State highlights: 'Habilitation' an essential benefit, but what is it?; Va. gov. candidates differ on mental health system; Calif. pays $2.7M for late hearings

A selection of health policy stories from Virginia, California, Colorado, Missouri, Pennsylvania, Kansas and Texas.

Stateline: 'Habilitation' Is Among New Obamacare Benefits
Thanks to the Affordable Care Act (ACA), habilitation services will now be widely covered for the first time in private insurance plans. Rehabilitative and habilitative services are among the 10 "essential benefits" that must be provided by all plans sold on all the state and federally run health insurance exchanges. Starting in 2014, all individual and small group health policies sold outside the exchanges also will have to cover habilitative services. But as is the case with some of the other "essential benefits," the federal health law mandates coverage of habilitation services without spelling out exactly what that means (Ollove, 10/24).

The Washington Post: Virginia's Mental Health System Needs More Money; Candidates Differ On How To Provide It
When people talk about improving Virginia's mental health system, they inevitably return to one word: money. Money for treatment centers and hospital beds, money for staff, money for youth programs, money for housing. Money that has been cut significantly in recent years. The major-party candidates for governor of Virginia agree that mental health systems need more resources. But their approaches differ greatly, based in part on how they view the Medicaid expansion of the new health care law in Virginia (Jackman, 10/23).

California Healthline: State Agency's Penalty Check Payout For Late Hearings Climbs Above $2.7 Million
The Department of Social Services has issued more than $2.7 million in penalty checks to Californians who successfully appealed their eligibility status for the Community Based Adult Services program, which was created and is overseen by the Department of Health Care Services. In July, Capitol Desk reported the state had paid more than $1.1 million in penalties to 670 CBAS recipients. DHCS officials yesterday said another $1.6 million in penalties will be paid to 145 successful eligibility appellants. For those new recipients, that's an average of more than $11,000 per penalty check (Gorn, 10/23).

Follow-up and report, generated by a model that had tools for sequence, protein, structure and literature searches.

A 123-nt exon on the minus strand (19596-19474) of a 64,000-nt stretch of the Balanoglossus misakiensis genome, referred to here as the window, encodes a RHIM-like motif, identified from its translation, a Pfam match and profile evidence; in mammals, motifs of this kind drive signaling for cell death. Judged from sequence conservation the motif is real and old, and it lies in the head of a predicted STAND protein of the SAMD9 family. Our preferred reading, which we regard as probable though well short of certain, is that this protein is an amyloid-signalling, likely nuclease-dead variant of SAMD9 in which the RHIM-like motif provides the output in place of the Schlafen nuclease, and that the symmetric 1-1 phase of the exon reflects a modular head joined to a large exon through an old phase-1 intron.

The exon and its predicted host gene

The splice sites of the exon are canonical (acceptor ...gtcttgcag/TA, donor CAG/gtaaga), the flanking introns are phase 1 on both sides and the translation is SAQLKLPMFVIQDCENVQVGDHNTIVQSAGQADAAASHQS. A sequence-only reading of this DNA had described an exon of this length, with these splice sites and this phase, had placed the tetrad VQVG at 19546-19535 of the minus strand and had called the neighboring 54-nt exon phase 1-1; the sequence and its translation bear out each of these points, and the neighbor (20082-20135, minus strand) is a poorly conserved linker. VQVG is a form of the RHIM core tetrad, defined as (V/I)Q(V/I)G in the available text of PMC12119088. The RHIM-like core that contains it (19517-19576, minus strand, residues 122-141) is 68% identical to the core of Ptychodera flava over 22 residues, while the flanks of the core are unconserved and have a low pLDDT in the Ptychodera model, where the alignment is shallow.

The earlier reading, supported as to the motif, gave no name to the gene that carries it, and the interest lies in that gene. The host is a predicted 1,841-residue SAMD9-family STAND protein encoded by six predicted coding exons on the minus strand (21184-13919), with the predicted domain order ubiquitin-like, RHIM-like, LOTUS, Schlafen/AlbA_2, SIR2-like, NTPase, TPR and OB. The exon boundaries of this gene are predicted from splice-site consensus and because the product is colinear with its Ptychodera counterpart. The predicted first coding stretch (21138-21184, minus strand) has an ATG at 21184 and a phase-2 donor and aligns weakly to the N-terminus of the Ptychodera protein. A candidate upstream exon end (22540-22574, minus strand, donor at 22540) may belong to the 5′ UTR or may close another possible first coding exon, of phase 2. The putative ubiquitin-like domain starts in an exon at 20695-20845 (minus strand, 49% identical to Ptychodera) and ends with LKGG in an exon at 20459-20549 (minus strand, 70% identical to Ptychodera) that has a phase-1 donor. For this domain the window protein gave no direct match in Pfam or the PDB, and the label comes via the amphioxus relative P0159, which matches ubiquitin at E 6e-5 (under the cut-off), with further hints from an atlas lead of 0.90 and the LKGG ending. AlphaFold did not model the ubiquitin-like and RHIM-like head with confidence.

Health Policy Solutions (a Colo. news service): Online Tax Credit System To Go Live Nov. 4
Managers at Connect for Health Colorado initially delayed the online feature until the end of October and in order to secure subsidies, customers have had to call clogged phone lines. Now, a spokesman said in a written response to questions that customers wanting to use the exchange website to cut their health insurance costs will have to wait until Nov. 4, the new target date for Colorado to have an online subsidy application (Kerwin McCrimmon, 10/23).

Kaiser Health News: Capsules: Study: Low-Income Californians Want Better Information
For many low-income Californians, enrolling in health insurance is just one hurdle to overcome in getting the care they want. A new report says better communication with doctors and obtaining clearer information is also high on their wish lists (Rao, 10/23).

St. Louis Beacon: ConnectCare Patients Transition To Specialty Care At New Locations
Joyce Simms has been a St. Louis ConnectCare patient in the pulmonology program for four years.  Because she has asthma, she sees her pulmonologist, Dr. Barbara Lutey, as often as every three months…Health care providers throughout St. Louis and St. Louis County have been scrambling to come up with places to treat more than 2,000 ConnectCare specialty-care patients (Davidson, 10/23).

The Philadelphia Inquirer: Children's Hospital Of Phila. Funds Gene-Therapy Company
Children's Hospital of Philadelphia has invested $50 million in a new biotech start-up that seeks to be the nation's first commercial provider of gene therapy, company officials announced Tuesday. Spark Therapeutics will assume control over two clinical trials that originated at the prominent teaching hospital -- one in which patients with a rare form of blindness already have regained some vision, the other an early-stage effort to treat hemophilia B (Avril, 10/23).

Kansas Health Institute: Outlook Mixed For Parent Companies Of KanCare MCOs
The parent companies of Kansas' three main Medicaid managed care organizations posted mixed earnings reports this week and provided stock analysts with differing forecasts.  Centene, the St. Louis-based company that does business in Kansas as the Sunflower State Health Plan, reported third quarter earnings of $49.4 million on revenue of $2.7 billion (McLean, 10/23).

The Texas Tribune: Final Arguments Made In Case On Abortion Regulation
With days remaining until new abortion regulations take effect in Texas, attorneys for abortion providers and the state of Texas presented their final arguments Wednesday on whether those restrictions meet constitutional muster (Aaronson, 10/23).

http://www.kaiserhealthnews.orgThis article was reprinted from with permission from the Henry J. Kaiser Family Foundation. Kaiser Health News, an editorially independent news service, is a program of the Kaiser Family Foundation, a nonpartisan health care policy research organization unaffiliated with Kaiser Permanente.



The opinions expressed here are the views of the writer and do not necessarily reflect the views and opinions of News-Medical.Net.
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